Ally Financial settlement with U.S. on auto loan discrimination signals more regulatory reprisals

Ally Financial settlement with U.S. on auto loan discrimination signals more regulatory reprisals

[I]Action gives wing to CFPB charge that banks and dealers rate minorities higher[/I]

Last weekends announcement that Ally Financial settled with the federal government for

$98 million triggered statements from the highest levels of the Obama Administration, starting

with Attorney General Eric Holder who described it as the largest settlement ever in an auto

loan discrimination case, followed by CFPB Director Richard Cordrays promise to return $80

of the $98 million to the hard working consumers who paid more for their cars and trucks based

on their race and national origin. The remaining $18 million of the $98 million payout from

Ally will go to the Consumer Finance Protection Bureaus civil penalty fund.

Federal investigators alleged that Ally had discriminated against 235,000 African American,

Hispanic and Asian car buyers seeking loans from April, 2011 to April, 2012. The government

premised its case upon an analysis of 800,000 surnames of credit customers, which it said in its

complaint, is a widely accepted methodology by social scientists for determining race and

ethnicity. The government said its research revealed that African Americans paid on average

$300 more over the life of an auto loan than whites, while Hispanics and Asians averaged $200

more. In a statement on the settlement, Ally denied any intentional wrong doing, contending,

essentially, that they underwrite loan applications they get from dealers on the basis of credit

history or credit-worthiness, with no knowledge of any applicants race, ethnicity or national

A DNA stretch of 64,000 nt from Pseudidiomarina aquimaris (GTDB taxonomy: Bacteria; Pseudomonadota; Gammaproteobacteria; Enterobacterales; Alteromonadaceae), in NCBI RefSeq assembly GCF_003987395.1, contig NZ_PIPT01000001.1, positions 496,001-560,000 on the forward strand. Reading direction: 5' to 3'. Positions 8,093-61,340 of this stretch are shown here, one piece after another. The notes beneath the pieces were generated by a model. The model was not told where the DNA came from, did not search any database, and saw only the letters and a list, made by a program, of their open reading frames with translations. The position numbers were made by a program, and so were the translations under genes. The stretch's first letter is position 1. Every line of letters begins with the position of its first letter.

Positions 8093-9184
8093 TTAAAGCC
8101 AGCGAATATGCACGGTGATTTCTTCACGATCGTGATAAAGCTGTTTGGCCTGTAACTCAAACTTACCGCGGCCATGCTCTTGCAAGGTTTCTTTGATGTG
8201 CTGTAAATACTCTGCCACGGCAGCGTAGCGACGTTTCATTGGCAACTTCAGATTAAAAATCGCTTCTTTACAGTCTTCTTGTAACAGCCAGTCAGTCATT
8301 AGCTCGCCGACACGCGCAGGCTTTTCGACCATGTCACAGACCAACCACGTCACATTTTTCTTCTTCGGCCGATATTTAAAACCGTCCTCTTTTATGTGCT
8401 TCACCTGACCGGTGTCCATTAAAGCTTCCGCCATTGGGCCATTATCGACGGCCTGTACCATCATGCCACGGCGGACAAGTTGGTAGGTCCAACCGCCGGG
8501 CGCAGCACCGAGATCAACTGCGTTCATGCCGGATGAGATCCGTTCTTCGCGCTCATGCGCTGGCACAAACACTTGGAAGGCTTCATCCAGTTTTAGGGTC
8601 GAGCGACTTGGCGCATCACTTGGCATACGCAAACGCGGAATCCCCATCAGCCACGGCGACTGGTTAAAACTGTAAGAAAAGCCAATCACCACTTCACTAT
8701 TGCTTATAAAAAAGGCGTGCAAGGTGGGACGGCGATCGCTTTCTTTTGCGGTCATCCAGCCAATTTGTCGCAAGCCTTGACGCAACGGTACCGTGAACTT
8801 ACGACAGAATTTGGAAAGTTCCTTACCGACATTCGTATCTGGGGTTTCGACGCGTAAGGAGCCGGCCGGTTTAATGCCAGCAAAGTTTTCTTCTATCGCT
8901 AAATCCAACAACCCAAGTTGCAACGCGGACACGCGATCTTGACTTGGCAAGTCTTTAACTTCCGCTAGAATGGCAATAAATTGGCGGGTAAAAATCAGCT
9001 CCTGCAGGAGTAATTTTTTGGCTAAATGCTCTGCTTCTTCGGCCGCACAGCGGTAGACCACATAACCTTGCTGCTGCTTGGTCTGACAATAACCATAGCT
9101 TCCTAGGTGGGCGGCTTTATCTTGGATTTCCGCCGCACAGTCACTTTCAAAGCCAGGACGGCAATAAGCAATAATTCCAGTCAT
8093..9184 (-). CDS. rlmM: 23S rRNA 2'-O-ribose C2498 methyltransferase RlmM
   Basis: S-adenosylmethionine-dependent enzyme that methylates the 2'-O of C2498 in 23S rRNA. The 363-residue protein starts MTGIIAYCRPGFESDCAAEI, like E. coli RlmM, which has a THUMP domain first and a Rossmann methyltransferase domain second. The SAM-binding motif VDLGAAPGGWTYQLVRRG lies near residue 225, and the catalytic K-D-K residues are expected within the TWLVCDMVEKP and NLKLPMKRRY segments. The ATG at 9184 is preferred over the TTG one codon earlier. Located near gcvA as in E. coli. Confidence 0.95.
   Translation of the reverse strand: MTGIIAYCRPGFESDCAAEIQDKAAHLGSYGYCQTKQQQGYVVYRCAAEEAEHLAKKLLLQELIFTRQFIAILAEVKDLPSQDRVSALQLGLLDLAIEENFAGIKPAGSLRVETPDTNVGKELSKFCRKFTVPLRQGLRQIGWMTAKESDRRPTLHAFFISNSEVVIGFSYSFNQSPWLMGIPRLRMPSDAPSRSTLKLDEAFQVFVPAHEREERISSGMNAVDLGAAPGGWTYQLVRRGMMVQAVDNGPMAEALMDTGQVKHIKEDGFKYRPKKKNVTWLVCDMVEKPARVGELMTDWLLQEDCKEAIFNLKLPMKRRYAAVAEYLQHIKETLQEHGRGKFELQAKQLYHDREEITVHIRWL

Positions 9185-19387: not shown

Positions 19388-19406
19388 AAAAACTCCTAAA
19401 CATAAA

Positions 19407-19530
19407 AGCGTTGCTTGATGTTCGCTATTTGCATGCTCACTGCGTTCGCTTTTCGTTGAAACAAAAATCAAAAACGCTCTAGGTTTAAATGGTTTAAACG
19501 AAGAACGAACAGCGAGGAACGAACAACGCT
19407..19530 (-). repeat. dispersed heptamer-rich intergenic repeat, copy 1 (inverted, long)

Settling this case with the government likely reflects the state of the law on discrimination being

a matter of measured results of a commercial activity rather than any intention to discriminate by

the product or service provider charged by the government.

This development, accordingly, spotlights the genesis of the position first taken last spring by the

new Consumer Finance Protection Bureau that banks they regulate should fashion different

compensation arrangements for dealers with whom they partner and receive loan referrals such

that dealer compensation would be a flat amount rather than based on a sliding scale. This

development also portends that additional enforcement actions are in the offing against financial

institutions extending auto loans.

Ally, formerly GMAC, received $17 million as part of the U.S. bailout of General Motors in

2009 during the great recession and reportedly still needs to repay nearly $5 million dollars. The

unmistakable irony here, of course, is that the same federal government garnering these

substantial lawsuit settlement dollars from Ally is the same Ally the same federal government

bailed out four years ago to keep them afloat.

Download Bulletin PDF